Now, here I am at the final hurdle, getting my student visa, and again, I feel as if everything is tumbling down around me. Only this time, my concerns might be valid. I tried my best to be on top of all my paper work, but I couldn’t apply for my visa until I had proof of funding. I didn’t have proof of funding until my student loan was confirmed, and it couldn’t be confirmed until just a couple weeks ago because Obama had changed the entire student loan system, and Edinburgh needed to re-train its student aid staff. I looked up on the UK border agency website to see what the procedure was for obtaining a visa, and found that I had to apply online. I tried to find out how long it would take, and found that most applicants from July were approved within 15 days, that some were approved within 5 days, and that all had been approved by 30 days.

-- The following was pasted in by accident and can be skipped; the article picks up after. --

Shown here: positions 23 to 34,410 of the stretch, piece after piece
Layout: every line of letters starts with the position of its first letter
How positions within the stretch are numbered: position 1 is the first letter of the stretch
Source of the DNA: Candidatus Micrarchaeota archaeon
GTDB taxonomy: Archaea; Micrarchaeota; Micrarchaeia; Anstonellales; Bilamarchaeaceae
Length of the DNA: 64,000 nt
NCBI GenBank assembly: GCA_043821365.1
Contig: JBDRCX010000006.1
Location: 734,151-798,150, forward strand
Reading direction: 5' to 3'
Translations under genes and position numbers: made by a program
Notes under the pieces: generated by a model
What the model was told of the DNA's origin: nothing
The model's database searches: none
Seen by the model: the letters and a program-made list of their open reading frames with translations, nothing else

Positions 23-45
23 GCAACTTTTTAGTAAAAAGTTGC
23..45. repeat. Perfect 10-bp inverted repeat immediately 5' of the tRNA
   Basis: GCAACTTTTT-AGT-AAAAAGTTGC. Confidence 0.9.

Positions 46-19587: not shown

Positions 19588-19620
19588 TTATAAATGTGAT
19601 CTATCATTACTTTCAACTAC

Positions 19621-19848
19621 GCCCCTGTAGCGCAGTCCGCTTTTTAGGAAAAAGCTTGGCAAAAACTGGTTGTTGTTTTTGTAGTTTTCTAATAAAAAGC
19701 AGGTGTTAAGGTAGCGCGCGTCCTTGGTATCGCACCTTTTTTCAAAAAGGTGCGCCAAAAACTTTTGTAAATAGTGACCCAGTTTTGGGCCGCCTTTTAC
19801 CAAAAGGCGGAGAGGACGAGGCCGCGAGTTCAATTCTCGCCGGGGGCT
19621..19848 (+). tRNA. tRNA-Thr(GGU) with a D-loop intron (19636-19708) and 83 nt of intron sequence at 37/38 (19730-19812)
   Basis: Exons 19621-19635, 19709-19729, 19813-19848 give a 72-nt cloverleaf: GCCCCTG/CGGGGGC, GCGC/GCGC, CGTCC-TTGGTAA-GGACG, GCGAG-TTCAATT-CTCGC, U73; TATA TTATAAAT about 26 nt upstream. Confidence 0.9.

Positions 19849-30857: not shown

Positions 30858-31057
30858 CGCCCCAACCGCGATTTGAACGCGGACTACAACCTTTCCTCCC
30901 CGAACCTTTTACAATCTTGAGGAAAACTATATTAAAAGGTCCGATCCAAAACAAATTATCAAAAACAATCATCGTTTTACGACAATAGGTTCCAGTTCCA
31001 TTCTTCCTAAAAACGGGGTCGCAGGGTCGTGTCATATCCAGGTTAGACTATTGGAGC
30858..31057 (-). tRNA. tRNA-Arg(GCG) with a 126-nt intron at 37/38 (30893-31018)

A week ago I stumbled across a website that offered free visa assessments, and because I was nervous, I went ahead and applied. They assured me that I should be approved, but I lost a week playing telephone tag with them. I only got in contact with them yesterday afternoon, and so yesterday evening, fully assured that I shouldn’t have any difficulties, I sat down to fill out my online application.
And that’s when they started telling me to print out paper forms to mail in. That’s when I found out that the appointment I needed to make to collect my biometric data (photo and fingerprints) wasn’t something I could walk in to, but was something I needed to schedule, and something I couldn’t schedule until a week from today. And that’s when I found out that once I had my biometric data in hand, I had to mail it, along with a number of forms, including a print-out of my online application, and my passport, and mail it all to Chicago. So, three weeks to the day before I am supposed to be boarding a plane to leave the country, I will be dropping my passport in the mail to go all the way to Chicago.